June 25, 2012 | Quoted by Jennifer Rubin, The Washington Post
A New Egypt, But Is It An Improvement?
The Post reports: “Egypt’s electoral commission announced Sunday that Muslim Brotherhood candidate Mohamed Morsi would be sworn in as president, becoming the Arab world’s first elected Islamist head of state after more than a year of popular uprisings that ousted autocrats and fueled the rise of political Islam in the region.” The White House offered congratulations, with some caution. (“We look forward to working together with President-elect Morsi and the government he forms, on the basis of mutual respect, to advance the many shared interests between Egypt and the United States.”)
It would be wise to withhold praise (and aid) for now. As the report explains:
Morsi’s election is sure to viewed as an inspiration to other Islamist movements in the Muslim world. It is also likely to be viewed as a potential threat by Israel, which depended on the Mubarak regime to adhere to a 35-year-old peace treaty between the two countries, and with skepticism by some secular, female and Christian Egyptians. . . . Hamas officials are hopeful that an Islamist president will lead Egypt to reconsider the peace treaty, to more aggressively back the Palestinian national cause and to allow goods to be traded across the Gaza-Egypt border.
Former deputy national security advisor Elliott Abrams explains what is ahead: “Morsi’s narrow victory sets the stage for a continuing fight in Egypt between the Brotherhood and all opposing forces — from the Army to the Copts to secular, liberal forces.” As for U.S. policy he counsels: “We should make it clear that relations between the US and Egypt will depend on whether the new Brotherhood-led government respects human rights and plays a constructive role in the region, including maintaining the peace treaty with Israel. And we should quietly consult with Egyptians who want a modern, democratic Egypt to see what we can do to help them in the long-term struggle they are now in.”
In the short term it is not certain how much authority Morsi will have. Stephen McInerney, executive director of Project on Middle East Democracy, tells me that “it’s unclear just how much political power Morsi and the Muslim Brotherhood will have, following a constitutional declaration stripping key powers from the president and a court ruling resulting in the dissolution of the Brotherhood-led parliament. The days and weeks ahead will reveal much about the balance of power moving forward, as Morsi forms a government and we see whether the Brotherhood pushes back against the recent moves by the Supreme Council of the Armed Forces to retain control.”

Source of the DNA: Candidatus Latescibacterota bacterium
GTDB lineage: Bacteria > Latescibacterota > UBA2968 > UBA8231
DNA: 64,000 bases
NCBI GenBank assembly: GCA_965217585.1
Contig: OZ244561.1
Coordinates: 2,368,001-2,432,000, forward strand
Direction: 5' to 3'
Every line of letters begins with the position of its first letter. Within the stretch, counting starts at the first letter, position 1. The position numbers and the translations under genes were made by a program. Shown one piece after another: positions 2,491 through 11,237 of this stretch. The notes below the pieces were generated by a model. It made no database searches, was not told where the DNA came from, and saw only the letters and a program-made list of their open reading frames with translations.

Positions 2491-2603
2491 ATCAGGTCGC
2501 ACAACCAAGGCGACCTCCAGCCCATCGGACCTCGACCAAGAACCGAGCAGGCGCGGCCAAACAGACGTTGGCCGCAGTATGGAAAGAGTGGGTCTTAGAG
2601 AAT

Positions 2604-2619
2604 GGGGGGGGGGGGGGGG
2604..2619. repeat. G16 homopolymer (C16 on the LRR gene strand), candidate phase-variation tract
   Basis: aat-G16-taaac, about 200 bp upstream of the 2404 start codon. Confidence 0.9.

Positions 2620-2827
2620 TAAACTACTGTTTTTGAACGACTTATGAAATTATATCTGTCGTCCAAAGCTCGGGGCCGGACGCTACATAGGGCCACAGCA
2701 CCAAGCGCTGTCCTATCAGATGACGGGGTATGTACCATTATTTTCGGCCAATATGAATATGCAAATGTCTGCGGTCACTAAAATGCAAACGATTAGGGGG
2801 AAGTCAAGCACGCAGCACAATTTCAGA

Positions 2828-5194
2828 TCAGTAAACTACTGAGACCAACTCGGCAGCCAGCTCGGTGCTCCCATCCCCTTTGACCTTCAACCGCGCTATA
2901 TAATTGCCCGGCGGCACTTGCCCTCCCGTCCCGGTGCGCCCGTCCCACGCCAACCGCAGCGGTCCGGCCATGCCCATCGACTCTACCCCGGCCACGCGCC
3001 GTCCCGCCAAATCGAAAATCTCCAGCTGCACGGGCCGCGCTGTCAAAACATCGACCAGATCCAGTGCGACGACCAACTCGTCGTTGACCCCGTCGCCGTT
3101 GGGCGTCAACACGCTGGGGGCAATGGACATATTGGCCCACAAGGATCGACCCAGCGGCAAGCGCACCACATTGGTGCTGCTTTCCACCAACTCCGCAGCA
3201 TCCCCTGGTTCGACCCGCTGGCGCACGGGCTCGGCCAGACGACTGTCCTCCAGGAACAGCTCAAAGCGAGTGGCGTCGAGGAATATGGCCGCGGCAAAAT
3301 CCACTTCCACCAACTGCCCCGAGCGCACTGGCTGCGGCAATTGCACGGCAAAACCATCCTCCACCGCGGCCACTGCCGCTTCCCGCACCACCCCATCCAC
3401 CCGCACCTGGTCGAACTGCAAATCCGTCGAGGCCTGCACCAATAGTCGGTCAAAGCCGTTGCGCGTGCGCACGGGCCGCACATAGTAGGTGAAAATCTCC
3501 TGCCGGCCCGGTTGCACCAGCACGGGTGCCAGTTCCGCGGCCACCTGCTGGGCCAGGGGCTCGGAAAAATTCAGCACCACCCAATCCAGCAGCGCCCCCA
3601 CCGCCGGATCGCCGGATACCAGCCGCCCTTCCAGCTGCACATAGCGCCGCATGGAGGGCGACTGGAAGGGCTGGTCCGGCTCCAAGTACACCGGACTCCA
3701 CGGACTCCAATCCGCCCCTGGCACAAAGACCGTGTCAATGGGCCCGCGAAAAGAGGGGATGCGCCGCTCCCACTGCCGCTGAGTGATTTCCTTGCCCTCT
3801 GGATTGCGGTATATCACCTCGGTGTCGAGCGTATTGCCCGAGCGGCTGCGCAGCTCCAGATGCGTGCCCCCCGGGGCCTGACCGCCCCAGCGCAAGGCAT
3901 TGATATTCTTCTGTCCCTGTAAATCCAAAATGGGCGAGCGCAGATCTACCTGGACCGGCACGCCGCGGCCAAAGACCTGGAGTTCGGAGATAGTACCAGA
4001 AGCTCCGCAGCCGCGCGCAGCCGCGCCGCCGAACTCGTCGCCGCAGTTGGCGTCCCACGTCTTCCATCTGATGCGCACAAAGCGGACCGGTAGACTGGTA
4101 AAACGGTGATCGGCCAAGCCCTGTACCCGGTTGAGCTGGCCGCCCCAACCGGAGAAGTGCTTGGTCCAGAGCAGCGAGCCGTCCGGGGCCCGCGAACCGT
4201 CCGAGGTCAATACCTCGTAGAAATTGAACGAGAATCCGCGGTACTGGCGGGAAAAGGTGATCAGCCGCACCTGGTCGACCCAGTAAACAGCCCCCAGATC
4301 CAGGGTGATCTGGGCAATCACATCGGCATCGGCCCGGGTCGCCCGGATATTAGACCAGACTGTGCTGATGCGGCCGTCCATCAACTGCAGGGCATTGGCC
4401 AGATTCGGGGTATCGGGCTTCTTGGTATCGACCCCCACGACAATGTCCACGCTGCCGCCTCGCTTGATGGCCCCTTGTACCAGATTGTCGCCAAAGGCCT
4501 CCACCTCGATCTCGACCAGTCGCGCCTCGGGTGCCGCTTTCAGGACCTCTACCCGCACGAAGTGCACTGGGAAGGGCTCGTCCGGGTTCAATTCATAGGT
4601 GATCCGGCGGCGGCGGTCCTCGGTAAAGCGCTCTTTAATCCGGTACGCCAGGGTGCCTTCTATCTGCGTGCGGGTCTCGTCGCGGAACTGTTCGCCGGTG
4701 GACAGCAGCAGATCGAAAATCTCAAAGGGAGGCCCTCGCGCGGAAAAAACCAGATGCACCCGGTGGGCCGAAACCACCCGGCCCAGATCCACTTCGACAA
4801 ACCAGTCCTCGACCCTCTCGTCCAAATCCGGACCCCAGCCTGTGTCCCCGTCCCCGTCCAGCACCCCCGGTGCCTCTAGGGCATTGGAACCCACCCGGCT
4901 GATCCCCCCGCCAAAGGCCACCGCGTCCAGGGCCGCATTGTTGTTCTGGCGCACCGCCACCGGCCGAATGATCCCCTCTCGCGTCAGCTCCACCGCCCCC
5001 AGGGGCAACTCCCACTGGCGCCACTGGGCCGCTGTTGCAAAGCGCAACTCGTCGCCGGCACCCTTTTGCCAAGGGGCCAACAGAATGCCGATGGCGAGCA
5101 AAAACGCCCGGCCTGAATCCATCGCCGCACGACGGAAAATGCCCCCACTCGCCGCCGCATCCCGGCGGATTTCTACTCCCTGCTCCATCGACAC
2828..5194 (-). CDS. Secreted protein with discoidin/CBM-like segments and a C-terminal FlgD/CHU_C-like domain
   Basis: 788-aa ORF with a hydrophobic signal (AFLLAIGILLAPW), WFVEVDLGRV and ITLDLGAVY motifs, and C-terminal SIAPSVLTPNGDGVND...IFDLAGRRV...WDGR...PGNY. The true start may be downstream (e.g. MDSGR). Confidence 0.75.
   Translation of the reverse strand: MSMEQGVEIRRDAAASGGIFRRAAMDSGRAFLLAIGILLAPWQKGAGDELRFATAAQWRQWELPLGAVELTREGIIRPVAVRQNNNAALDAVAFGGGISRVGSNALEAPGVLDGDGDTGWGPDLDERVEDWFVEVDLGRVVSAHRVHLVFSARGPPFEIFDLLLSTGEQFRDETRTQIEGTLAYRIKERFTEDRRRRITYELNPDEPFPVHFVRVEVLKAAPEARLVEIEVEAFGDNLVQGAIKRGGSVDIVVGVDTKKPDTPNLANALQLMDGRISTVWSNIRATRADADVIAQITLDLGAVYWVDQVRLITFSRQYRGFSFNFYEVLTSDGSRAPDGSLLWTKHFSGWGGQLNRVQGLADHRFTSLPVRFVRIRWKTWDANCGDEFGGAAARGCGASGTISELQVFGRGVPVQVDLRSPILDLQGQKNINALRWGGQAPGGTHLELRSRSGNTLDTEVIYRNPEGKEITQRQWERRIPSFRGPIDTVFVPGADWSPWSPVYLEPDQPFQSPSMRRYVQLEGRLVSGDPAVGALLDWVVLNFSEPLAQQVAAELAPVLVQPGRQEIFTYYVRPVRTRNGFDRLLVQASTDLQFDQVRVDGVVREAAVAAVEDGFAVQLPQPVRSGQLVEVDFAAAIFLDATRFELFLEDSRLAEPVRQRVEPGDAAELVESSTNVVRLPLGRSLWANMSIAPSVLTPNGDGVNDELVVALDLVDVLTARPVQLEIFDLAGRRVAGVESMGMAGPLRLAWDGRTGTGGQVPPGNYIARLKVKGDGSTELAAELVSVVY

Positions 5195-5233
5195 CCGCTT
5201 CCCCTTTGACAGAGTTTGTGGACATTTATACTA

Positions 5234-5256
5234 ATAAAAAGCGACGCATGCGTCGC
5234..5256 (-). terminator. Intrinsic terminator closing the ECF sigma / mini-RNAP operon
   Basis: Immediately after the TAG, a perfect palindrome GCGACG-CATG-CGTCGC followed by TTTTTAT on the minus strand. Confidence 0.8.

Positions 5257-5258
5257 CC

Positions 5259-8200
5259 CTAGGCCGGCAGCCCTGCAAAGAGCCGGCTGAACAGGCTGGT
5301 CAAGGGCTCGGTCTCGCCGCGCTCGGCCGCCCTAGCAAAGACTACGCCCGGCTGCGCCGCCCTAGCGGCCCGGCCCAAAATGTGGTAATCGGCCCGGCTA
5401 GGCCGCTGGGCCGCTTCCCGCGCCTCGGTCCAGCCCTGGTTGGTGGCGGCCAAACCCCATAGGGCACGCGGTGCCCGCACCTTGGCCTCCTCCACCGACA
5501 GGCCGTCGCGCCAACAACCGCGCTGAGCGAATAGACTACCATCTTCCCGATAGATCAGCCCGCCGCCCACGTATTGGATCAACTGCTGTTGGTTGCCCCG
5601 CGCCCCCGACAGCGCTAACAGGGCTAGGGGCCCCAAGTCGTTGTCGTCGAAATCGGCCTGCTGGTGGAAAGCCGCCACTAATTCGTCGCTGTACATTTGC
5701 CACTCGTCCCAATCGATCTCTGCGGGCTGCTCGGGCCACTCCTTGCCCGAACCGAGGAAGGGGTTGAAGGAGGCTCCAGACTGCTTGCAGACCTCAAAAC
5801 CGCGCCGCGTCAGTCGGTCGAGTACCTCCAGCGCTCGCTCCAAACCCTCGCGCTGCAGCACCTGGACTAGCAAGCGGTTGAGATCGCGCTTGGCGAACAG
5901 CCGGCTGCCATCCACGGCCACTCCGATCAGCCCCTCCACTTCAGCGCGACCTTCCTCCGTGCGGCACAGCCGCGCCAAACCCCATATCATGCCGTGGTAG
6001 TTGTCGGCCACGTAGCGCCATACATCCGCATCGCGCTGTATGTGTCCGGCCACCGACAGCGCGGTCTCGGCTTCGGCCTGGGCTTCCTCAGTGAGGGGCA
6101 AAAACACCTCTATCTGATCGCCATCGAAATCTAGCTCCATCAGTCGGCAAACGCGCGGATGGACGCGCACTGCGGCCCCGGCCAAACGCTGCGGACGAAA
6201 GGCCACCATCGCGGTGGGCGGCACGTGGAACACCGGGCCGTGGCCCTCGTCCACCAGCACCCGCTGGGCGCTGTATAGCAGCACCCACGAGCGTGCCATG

There should be no going back to a corrupt and repressive dictatorship, but neither should the U.S. blindly celebrate elections for the sake of elections. Hamas won the 2006 Palestinian election, which turned into a disaster both for Israel and the Palestinians. It is behavior that counts, and we should use the array of carrots (trade, investment, aid, technical assistance, diplomatic respect) and sticks (diminishment of all of the above). We may, however, slightly influence the conduct of Egypt’s new government. But more to the point, we will maintain our own credibility as a force for liberty. We want to avoid a replay of Bahrain, where our support for the ruling government and resumption of arms shipments has turned the populace against the United States.
Some observers are glum about the future of U.S.-Egypt relations. Jonathan Schanzer of the Foundation for Defense of Democracies predicts that “with the Muslim Brotherhood now in power, it is now safe to say that the US-Egypt alliance as we know it is dead. It’s a safe bet that Egypt will no longer serve as a pillar of America’s Middle East policy.” He contends, “Our ability to project power in the region has yet again diminished. And while we’ve seen this one coming for a while, it was a crushing blow.”
It sure would help if we had a coherent Middle East policy. Without one, the U.S. will be little more than a bystander while other powers dominate the region. As Jackson Diehl observes: “By failing to decisively use U.S. aid, diplomatic influence and military power to support the removal of dictators and the beginning of democratic transformation, he has helped tip the balance toward the old regimes — or chaos. No, the mess is not his fault. But he deserves a share of the blame.”
We should be clear with the Arab Spring nations as to our aims — promoting liberty and human rights, while opposing Islamic jihadism. It is hard to tell the players since the score card hasn’t been filled out. We should judge them not by labels they affix, but by the conduct they exhibit.